The emigration database from DA#1 was ideal because I could see at a glance who sailed with my ancestors (relatives, neighbors, or if they sailed alone) and settled near people they knew by the destination listed. I’ve also researched Norwegian ancestors of spouses of siblings of my parents, grandparents, gr-grandparents, and assorted cousins of varying degrees. Just turning up one name at a time without the context of other people who were listed before or after loses the overall picture, or I might lose someone if an entire family emigrated – in DA#1 emigration database I can scroll back and forth and not miss large groups of people traveling together (as indicated by an utflytting record).

    The DA#1 search engine was so much simpler to use than the current one for transcribed records, and the formats were much more efficient. I’ve never had much of a problem with the microfilm or digital images since the indices for them are pretty simple.

    It’s the lack of fylke indices I miss! I also miss the fact that a few years ago when they stopped updating DA#1 the language choice selected on the home page reverted back to Norwegian after the first search. I can understand the headers because I’ve worked with the original database so much, but assorted cousins don’t understand.

    So, on my Wish List for what I’d like to see on DA#3: an index of available transcribed records for each fylke, and having the DA#1 emigration database. Oh, and for the DA#! search language to stay on English throughout the time searching like it used to.

    Reply
    • March 6, 2019 at 9:05 am
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      Hello Bev

      Thank you so much for taking the time to comment. I will send you a private email and discuss your comment and see if we can come up with solutions.

      Reply
  • March 6, 2019 at 5:38 pm
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    Martin, Your series of articles on how to use the new DA was a tremendous aid to my using the search tools successfully. I highly recommend that anyone having trouble with DA take the time to read ALL of these articles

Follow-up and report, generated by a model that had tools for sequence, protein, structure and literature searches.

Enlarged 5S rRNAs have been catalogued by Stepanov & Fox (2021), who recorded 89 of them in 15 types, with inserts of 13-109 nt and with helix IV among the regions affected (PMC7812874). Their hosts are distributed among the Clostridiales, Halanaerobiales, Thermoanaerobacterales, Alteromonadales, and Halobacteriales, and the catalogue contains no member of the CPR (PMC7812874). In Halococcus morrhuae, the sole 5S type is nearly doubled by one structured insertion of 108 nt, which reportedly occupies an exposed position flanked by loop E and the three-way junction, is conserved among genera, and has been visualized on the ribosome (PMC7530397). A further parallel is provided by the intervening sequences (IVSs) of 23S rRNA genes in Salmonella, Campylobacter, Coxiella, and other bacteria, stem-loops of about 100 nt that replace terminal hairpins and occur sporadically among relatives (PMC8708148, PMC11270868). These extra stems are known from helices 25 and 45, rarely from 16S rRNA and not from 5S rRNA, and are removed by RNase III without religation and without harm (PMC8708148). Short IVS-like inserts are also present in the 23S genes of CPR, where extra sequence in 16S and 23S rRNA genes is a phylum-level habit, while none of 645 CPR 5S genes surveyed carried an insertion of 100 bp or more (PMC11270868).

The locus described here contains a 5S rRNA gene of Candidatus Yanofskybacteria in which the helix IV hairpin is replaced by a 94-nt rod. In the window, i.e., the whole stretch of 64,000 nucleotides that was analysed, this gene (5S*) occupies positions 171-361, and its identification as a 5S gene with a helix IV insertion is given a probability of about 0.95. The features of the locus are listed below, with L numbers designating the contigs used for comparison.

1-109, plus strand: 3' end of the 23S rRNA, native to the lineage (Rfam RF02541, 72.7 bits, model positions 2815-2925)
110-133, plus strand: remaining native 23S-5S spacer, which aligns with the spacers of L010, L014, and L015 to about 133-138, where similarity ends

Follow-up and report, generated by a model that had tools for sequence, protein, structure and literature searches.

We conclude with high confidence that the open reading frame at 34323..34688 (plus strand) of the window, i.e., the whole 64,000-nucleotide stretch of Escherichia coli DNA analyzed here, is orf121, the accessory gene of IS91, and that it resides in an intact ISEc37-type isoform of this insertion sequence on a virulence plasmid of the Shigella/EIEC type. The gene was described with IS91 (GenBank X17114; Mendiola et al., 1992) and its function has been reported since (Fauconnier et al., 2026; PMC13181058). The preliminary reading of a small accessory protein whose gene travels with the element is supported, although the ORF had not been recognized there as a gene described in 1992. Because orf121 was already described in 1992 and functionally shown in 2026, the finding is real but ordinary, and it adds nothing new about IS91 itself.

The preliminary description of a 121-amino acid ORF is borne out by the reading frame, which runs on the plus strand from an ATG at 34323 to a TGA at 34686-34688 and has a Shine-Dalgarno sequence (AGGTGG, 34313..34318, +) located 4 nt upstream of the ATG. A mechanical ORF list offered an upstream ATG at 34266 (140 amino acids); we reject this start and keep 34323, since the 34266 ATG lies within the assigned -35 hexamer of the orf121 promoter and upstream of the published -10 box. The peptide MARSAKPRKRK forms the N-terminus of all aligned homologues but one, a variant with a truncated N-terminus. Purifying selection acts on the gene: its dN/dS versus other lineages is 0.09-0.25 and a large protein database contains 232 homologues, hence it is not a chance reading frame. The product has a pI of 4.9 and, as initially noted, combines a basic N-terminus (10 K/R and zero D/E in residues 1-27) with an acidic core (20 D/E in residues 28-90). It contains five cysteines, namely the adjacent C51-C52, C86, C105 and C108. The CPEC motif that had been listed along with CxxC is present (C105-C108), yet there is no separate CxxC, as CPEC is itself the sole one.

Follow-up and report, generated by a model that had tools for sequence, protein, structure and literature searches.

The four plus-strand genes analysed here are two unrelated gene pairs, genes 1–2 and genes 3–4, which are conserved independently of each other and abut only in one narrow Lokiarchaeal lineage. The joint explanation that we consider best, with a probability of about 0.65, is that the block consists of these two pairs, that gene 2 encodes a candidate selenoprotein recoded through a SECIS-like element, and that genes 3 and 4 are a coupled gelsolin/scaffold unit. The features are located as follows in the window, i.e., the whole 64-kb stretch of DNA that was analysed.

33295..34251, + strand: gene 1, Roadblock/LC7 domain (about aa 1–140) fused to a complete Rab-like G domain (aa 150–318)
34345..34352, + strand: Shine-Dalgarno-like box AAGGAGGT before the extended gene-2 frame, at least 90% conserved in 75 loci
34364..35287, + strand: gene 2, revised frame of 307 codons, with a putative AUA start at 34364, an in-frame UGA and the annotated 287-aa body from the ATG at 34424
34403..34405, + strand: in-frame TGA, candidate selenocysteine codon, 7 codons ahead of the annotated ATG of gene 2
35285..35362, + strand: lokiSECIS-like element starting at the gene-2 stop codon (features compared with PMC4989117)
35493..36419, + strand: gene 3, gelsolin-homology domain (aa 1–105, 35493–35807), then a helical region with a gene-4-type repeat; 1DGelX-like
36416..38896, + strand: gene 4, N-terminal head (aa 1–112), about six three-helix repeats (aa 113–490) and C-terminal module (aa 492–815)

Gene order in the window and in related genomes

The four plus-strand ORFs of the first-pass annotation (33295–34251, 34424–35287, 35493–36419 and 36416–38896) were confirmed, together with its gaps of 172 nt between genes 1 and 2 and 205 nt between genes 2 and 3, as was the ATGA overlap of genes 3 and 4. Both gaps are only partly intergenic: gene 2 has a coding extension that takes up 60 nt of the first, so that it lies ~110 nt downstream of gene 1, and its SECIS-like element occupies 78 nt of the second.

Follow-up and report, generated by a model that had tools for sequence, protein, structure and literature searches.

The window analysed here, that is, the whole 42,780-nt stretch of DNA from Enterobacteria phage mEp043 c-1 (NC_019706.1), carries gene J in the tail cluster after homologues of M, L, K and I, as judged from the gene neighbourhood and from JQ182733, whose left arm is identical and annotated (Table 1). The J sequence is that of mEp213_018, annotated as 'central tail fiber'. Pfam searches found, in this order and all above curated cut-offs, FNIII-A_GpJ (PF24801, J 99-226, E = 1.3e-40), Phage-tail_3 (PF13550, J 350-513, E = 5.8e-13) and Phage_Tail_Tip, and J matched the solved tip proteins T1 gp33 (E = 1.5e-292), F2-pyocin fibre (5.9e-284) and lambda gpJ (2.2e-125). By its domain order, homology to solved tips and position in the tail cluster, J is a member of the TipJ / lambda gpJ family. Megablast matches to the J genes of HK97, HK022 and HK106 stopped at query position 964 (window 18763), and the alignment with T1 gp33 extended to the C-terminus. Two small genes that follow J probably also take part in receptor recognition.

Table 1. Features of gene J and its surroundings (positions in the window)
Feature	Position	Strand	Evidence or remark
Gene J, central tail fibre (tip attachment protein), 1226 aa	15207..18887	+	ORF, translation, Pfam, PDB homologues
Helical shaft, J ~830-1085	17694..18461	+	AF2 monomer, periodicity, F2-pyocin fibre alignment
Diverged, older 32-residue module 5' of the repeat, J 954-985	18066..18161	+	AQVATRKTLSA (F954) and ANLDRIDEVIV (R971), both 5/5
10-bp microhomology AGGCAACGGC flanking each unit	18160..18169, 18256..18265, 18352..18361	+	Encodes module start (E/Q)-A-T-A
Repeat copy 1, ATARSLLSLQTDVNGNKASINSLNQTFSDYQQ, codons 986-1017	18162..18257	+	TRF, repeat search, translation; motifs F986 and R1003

One basic point that so many people seem to miss: if a set of records (for example: the baptism records of XYZ parish from 1805-1825) has NOT been indexed yet, the person search will result in zero hits. But a researcher can still scroll through the records page by page to find the digital copy of the records. That search process is completely explained in your articles.

    Thank you so much. I really enjoy your blog.
    Linda ini Iowa

    Reply
    • March 9, 2019 at 12:28 pm
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      Hello Linda

      Thanks for visiting my blog and for taking the time to comment.

      You are so right. I worry that many who are frustrated about the Digitalarkivet, don’t realize the fact that not all records are indexed yet.

      Reply
  • March 6, 2019 at 8:39 pm
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    At the Tre Lag stevne last August, a talk was given on some basics of the 3 DA sites and the RHD site. Copies of the writeups are available at nhohlag.org and then going to the ‘Stevne’ tab. and clicking on the 2018 handouts.

    Suggestions for improving these papers are most welcome!

    Reply